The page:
Kai Jones

Southeast Notes: J. Johnson, Cooper, Westbrook, K. Jones, Jarreau

Jalen Johnson and Sharife Cooper were both considered risky picks on draft night, but the Hawks‘ rookies appear to be much less of a gamble after strong showings during Summer League, writes Krysten Peek of Yahoo Sports. Johnson slipped to No. 20 after playing just 13 games at Duke and leaving school early to prepare for the draft. Cooper fell to No. 48 after a freshman season at Auburn that was delayed 11 games because of eligibility issues.

Both could be steals based on their early performances in Las Vegas, Peek observes. Johnson has been one of the most versatile players in the league and excels in the open court. Cooper has been a reliable playmaker and has eased concerns about his outside shooting.

“This isn’t just Summer League for me,” Cooper said. “Any game where I put on a jersey and represent something way bigger than me in the Hawks, it’s something I don’t take lightly.”

There’s more from the Southeast Division:

  • Wizards general manager Tommy Sheppard wasn’t planning to trade Russell Westbrook this summer, but he changed course when the opportunity arose to send him to the Lakers, per Chase Hughes of NBC Sports Washington. “I had a heart-to-heart with Russell and it was important to him that I knew and the Wizards knew he wants to play here,” Sheppard said. “If there was ever an opportunity with the Lakers, that would be the one place. I look at his Hall-of-Fame career and all he did for us, certainly, for me, I will try to help a guy as long as it helps the Wizards. In this case, we could do a deal and it did help the Wizards.”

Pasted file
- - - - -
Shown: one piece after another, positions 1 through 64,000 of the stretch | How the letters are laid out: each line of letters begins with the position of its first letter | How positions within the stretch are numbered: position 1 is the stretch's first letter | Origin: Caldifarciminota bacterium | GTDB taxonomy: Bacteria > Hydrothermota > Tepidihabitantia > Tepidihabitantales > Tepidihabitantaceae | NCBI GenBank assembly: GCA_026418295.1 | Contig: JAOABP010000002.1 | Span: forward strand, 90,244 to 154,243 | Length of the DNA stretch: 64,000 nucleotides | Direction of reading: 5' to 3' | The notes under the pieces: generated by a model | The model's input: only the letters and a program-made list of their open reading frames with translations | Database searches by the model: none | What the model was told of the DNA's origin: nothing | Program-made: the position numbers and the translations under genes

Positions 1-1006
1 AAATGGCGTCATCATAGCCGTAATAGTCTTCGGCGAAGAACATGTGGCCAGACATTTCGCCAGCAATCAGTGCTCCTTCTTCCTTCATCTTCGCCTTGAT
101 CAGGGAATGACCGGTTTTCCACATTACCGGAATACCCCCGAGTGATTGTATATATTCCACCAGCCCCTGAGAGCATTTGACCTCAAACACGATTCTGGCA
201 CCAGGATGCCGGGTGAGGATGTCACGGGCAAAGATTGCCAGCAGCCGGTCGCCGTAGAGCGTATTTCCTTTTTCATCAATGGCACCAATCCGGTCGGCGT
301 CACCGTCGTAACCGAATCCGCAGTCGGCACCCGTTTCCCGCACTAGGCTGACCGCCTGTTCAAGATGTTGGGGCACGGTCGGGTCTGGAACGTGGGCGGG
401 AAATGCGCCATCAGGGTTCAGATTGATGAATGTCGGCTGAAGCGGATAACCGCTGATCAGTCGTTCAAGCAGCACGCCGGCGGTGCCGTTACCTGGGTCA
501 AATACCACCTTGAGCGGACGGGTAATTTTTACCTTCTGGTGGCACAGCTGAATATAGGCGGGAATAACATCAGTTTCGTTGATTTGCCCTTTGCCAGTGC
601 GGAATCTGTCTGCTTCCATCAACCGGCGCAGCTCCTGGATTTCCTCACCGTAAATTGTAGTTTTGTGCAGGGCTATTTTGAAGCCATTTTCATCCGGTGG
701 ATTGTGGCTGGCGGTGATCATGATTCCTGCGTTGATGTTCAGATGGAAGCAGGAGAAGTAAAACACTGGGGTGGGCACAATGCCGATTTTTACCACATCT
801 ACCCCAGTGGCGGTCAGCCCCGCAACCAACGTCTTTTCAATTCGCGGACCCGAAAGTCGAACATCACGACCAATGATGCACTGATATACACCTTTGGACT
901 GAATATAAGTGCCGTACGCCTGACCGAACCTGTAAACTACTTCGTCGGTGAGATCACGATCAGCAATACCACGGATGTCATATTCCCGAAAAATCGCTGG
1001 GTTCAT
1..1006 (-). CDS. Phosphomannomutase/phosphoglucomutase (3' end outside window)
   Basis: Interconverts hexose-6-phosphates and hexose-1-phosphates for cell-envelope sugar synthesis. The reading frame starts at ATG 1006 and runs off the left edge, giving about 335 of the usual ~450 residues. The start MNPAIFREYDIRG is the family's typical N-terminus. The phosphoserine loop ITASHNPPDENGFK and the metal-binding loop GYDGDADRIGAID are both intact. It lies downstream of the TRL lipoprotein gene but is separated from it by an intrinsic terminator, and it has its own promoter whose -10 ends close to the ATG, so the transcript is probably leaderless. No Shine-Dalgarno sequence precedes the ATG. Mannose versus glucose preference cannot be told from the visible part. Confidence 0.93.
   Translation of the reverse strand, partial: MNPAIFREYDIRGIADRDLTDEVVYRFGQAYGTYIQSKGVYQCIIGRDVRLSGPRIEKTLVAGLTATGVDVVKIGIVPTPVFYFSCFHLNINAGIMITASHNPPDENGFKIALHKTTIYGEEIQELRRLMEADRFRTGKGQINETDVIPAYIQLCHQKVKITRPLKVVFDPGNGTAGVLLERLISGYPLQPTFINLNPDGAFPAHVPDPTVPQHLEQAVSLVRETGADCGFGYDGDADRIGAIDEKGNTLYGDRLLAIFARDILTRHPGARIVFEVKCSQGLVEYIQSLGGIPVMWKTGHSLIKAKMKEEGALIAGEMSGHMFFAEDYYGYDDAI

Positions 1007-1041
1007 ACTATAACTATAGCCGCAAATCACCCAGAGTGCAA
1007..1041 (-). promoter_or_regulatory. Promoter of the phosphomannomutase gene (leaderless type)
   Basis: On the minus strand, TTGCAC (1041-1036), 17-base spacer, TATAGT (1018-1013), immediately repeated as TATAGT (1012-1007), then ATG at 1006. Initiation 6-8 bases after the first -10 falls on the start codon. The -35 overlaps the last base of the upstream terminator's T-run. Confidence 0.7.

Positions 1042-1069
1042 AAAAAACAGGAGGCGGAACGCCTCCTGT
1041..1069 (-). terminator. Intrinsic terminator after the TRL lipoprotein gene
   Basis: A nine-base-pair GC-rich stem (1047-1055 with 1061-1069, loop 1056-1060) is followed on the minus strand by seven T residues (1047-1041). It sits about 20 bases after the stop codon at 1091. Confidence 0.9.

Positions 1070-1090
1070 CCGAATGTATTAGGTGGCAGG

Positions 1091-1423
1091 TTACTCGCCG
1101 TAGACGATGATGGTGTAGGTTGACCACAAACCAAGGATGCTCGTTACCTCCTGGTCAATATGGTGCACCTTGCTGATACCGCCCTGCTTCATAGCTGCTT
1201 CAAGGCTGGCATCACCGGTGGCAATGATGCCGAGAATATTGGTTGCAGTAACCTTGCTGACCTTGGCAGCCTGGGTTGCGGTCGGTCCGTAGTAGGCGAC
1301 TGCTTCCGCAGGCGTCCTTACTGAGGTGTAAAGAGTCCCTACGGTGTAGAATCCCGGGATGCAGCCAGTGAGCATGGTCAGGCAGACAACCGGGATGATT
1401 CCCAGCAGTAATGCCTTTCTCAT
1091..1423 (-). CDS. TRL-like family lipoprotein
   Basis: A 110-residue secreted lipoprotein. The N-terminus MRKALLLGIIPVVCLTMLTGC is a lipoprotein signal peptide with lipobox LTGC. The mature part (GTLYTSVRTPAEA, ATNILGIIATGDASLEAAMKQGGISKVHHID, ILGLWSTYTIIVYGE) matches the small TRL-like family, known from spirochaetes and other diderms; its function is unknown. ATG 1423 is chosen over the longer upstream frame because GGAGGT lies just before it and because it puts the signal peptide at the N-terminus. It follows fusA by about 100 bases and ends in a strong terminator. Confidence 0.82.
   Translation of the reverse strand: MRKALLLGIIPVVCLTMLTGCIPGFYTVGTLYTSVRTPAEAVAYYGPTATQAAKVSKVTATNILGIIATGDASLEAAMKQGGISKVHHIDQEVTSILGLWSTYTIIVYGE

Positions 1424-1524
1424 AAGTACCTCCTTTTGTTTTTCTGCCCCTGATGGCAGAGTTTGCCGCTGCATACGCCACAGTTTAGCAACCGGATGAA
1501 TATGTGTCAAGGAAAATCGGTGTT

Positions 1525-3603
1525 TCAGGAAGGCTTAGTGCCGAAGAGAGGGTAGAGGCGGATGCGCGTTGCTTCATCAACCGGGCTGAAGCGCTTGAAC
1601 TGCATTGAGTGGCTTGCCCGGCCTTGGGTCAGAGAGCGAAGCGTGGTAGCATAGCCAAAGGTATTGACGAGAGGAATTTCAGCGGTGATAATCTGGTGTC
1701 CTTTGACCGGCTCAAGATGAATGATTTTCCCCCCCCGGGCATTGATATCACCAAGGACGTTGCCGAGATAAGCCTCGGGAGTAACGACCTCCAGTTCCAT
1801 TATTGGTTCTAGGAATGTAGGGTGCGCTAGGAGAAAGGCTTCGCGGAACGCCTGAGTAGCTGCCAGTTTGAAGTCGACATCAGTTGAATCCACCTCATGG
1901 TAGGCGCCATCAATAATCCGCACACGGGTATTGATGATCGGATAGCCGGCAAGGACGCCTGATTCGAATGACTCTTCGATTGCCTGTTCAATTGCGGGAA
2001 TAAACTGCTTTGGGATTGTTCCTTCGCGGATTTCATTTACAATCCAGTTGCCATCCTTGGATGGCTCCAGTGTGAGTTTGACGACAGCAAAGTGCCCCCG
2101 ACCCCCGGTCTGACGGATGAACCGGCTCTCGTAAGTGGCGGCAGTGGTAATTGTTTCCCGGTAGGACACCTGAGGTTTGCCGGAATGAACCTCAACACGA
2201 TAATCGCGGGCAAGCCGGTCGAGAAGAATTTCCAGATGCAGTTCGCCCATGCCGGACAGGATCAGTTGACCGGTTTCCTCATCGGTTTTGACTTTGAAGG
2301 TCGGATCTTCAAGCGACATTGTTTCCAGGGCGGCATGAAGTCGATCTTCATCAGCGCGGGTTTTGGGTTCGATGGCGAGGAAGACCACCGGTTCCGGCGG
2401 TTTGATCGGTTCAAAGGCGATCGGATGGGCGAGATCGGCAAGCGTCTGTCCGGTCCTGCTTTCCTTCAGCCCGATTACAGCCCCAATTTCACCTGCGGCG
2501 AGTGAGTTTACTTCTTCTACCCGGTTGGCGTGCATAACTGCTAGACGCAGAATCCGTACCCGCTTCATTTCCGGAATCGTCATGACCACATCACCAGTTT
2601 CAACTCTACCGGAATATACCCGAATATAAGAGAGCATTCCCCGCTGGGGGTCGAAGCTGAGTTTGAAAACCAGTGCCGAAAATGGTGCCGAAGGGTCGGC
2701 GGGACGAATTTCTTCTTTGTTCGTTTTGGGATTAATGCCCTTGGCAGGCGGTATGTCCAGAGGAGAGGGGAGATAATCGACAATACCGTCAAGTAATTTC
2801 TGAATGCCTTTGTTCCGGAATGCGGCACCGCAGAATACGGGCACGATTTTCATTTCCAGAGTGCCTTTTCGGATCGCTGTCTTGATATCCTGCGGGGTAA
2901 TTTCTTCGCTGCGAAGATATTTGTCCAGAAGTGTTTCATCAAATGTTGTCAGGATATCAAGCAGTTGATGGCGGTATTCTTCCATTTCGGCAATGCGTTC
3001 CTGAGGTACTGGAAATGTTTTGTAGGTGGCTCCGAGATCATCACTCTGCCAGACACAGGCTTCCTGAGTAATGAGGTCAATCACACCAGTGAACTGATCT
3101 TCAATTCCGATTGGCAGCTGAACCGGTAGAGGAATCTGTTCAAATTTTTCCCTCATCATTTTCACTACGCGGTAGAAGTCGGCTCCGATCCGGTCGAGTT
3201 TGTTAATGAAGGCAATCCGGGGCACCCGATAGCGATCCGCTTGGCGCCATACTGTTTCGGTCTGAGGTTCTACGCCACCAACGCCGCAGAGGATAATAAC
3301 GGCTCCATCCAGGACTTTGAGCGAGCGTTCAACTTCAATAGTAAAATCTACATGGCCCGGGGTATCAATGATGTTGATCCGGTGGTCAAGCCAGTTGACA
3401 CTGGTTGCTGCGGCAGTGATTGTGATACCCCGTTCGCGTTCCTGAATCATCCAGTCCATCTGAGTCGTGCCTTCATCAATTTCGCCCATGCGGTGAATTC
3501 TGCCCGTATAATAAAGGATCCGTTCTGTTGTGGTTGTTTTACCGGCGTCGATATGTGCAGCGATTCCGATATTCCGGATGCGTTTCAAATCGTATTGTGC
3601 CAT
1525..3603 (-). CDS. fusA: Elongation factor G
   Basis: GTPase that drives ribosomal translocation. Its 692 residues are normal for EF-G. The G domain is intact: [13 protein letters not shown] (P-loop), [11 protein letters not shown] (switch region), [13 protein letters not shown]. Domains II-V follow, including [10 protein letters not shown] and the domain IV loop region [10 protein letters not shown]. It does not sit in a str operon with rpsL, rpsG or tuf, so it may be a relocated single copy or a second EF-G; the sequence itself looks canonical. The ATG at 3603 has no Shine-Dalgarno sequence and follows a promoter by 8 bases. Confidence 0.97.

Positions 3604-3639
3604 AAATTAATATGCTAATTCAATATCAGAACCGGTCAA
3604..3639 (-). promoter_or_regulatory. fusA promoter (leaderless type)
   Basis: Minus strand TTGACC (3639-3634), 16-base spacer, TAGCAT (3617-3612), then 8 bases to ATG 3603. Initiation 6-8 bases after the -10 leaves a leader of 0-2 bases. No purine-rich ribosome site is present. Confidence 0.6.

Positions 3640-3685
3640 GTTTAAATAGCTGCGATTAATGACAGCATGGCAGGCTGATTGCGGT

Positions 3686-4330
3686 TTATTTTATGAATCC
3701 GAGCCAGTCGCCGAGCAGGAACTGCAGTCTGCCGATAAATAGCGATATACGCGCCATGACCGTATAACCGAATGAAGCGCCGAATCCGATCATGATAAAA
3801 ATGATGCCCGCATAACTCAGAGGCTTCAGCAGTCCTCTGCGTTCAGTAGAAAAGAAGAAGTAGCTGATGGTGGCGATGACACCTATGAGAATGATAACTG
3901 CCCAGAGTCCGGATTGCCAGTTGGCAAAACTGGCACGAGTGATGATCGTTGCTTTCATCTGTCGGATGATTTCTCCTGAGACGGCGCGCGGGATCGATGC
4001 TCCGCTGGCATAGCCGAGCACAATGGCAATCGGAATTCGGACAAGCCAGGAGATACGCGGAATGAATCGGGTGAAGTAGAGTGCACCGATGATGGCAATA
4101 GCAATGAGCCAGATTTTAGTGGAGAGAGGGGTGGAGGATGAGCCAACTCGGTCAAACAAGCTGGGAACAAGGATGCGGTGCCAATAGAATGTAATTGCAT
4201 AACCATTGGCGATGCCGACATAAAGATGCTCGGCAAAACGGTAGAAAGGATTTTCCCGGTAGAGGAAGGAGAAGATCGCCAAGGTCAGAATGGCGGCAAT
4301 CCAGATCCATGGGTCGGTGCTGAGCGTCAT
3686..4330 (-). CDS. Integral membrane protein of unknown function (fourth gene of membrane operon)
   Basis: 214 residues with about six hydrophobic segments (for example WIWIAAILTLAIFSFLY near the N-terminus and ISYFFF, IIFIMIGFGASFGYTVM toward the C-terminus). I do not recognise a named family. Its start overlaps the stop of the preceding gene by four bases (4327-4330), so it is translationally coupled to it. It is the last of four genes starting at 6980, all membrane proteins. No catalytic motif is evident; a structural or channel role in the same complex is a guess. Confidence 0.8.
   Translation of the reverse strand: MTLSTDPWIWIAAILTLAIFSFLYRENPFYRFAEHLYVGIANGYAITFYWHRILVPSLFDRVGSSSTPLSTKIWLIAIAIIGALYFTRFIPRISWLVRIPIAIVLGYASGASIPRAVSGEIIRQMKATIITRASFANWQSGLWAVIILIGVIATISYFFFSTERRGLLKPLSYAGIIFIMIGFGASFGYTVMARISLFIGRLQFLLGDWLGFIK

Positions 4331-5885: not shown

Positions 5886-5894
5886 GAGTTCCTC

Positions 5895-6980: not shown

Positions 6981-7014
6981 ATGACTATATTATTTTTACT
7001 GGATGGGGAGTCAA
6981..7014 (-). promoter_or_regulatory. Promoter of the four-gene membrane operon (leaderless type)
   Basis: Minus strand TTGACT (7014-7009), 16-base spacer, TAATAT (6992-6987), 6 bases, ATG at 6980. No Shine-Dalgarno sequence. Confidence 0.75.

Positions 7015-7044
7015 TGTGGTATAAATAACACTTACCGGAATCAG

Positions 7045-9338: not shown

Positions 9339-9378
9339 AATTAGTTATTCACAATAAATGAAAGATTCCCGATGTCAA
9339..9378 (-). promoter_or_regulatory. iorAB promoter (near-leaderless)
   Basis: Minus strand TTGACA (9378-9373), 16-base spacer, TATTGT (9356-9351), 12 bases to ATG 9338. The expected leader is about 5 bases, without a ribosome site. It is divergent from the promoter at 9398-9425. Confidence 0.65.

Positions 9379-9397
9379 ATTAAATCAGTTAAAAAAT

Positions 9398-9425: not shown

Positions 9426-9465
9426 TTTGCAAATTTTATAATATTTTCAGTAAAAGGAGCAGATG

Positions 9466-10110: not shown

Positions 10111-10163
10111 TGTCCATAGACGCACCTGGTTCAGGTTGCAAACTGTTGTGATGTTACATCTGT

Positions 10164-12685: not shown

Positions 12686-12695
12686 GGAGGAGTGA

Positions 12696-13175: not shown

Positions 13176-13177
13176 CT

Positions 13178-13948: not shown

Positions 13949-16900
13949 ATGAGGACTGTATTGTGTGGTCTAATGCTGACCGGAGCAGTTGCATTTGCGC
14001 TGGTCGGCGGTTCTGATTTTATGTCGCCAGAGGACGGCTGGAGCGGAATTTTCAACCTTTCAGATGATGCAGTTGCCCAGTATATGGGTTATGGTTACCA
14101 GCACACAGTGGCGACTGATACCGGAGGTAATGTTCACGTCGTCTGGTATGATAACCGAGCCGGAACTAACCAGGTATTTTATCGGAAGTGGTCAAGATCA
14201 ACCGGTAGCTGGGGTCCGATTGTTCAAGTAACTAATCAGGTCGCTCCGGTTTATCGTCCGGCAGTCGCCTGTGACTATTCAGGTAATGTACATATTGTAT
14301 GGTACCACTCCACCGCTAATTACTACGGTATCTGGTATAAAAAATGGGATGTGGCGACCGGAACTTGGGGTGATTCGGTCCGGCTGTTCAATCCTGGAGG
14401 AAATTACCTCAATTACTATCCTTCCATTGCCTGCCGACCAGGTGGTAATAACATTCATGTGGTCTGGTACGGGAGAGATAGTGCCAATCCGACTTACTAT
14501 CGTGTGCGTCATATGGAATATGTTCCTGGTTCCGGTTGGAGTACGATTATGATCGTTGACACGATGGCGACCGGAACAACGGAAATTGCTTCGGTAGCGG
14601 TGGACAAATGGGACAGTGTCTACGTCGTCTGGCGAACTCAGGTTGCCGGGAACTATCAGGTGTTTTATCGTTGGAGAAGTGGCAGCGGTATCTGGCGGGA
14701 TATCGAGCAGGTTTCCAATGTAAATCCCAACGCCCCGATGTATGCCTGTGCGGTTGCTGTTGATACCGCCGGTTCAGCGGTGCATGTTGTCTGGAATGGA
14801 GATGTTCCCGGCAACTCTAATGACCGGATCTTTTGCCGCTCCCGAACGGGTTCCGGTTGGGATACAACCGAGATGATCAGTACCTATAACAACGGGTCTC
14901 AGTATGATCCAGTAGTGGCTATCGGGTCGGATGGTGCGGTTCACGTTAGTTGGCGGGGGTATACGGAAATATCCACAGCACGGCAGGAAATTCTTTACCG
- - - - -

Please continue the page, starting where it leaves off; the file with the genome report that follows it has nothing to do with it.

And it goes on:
• Hornets rookie Kai Jones is confident enough to become the first Charlotte player to wear No. 23 since Michael Jordan became owner of the franchise, notes Jonathan M. Alexander of The Charlotte Observer. The 6’11” power forward is getting plenty of his attention in Las Vegas for his athleticism and dunking prowess. “I think until you see him out there with (LaMelo Ball) and the entire group, we won’t have a true sense of what he can be for our program,” coach James Borrego said. “He’s working through our Summer League right now and trying to figure it out along the way, but he’s a tremendous athlete.”
  • The Heat weren’t able to trade for a draft pick to select DeJon Jarreau, but they wound up with the Houston guard anyway and like what they have seen during Summer League, notes Ira Winderman of The Sun-Sentinel. Jarreau, who may be in contention for one of Miami’s two-way contracts, posted 10 assists in a game this week.